III. Lips and suction



Communication of change in lip location (near horizontal directions) or suction (vertical finger pressure)

A distance between the OW's index finger and thumb of their left hand may suggest a distance between the RE's lips.

The ear-pulling exercise may not be practical to direct points of location ranges and reference if the RE's scalp cannot distinguish the feel of the OW's thumb from their left fingers, unless the mouth lips are closed and uniformly applying pressure to the scalp. However, the index and ring fingers next to the ear's clamp may adjust the distance between the two lips, as the two fingers may brush forward or away from eachother along the RE's head. Complication with tongue directions are addressed later.


Communication of point of reference or range of suction

The pressure of these fingers may direct an amount of suction. Points of reference or a range of suction may be communicated by strokes of the ring finger on the same directing hand. As pressure and location of the index finger (or middle finger, to be discussed later) and thumb remain constant, the ring finger stroking one way may increase mouth suction, and vice versa.


These two commands of location and pressure could instruct the lips to clamp a certain part of the skin. As pressure is applied with these digits, the OW's left hand palm may also apply some pressure, then they may lift their index finger and thumb from the scalp, directing clamping and pulling skin with the lips until palm pressure stops. The strength of skin pulling may be directed by the amount of palm pressure.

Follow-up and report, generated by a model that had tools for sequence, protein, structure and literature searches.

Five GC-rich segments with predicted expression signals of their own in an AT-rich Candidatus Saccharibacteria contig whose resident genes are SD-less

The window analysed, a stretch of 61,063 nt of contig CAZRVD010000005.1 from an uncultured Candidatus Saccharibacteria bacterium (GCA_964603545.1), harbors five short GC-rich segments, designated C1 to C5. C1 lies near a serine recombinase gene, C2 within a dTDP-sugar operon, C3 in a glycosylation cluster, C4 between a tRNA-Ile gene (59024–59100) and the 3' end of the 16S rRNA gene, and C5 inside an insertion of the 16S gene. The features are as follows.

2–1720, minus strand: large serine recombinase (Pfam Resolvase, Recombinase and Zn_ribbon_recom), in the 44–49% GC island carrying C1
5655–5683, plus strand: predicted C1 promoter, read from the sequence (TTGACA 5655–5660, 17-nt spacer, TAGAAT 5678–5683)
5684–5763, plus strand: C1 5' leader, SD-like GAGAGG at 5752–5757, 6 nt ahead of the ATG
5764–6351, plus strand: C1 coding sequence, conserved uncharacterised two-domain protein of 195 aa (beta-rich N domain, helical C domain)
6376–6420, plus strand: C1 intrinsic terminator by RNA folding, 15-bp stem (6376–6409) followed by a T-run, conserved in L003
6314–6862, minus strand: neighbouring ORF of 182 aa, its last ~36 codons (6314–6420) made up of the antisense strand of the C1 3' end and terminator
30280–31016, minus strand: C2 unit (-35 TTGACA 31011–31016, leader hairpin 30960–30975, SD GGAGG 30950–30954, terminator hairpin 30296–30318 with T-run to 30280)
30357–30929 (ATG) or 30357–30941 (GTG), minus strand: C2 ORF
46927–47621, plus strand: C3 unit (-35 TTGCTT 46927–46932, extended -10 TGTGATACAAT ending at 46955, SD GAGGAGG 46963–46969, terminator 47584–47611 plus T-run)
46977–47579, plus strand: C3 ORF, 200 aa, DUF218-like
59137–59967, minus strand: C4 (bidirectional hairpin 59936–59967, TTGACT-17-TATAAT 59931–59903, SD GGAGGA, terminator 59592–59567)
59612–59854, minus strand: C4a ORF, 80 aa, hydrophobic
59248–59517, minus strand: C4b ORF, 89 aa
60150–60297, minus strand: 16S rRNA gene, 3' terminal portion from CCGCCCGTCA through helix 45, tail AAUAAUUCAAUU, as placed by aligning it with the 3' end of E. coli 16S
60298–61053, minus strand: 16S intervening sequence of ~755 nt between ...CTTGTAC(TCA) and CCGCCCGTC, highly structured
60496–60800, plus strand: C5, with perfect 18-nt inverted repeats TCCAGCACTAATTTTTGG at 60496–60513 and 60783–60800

When the OW's middle finger and thumb are used, this may imply the RE's teeth are against the skin of the OW as lips still have some sucking role. To distinguish the feel between the middle and index fingers, a nut or seed shell may be ground or cut, drilled, and tied onto the fingertip.

I. Basics

II. Tongue

IV. Outside fingers

V. Penetrating fingers

VI. Composition of maps

VII. Starting and stopping

VIII. Harmonious and holistic speed adjustment

IX. Recording and recalling memory

X. Vocal vibrations

XI. Toys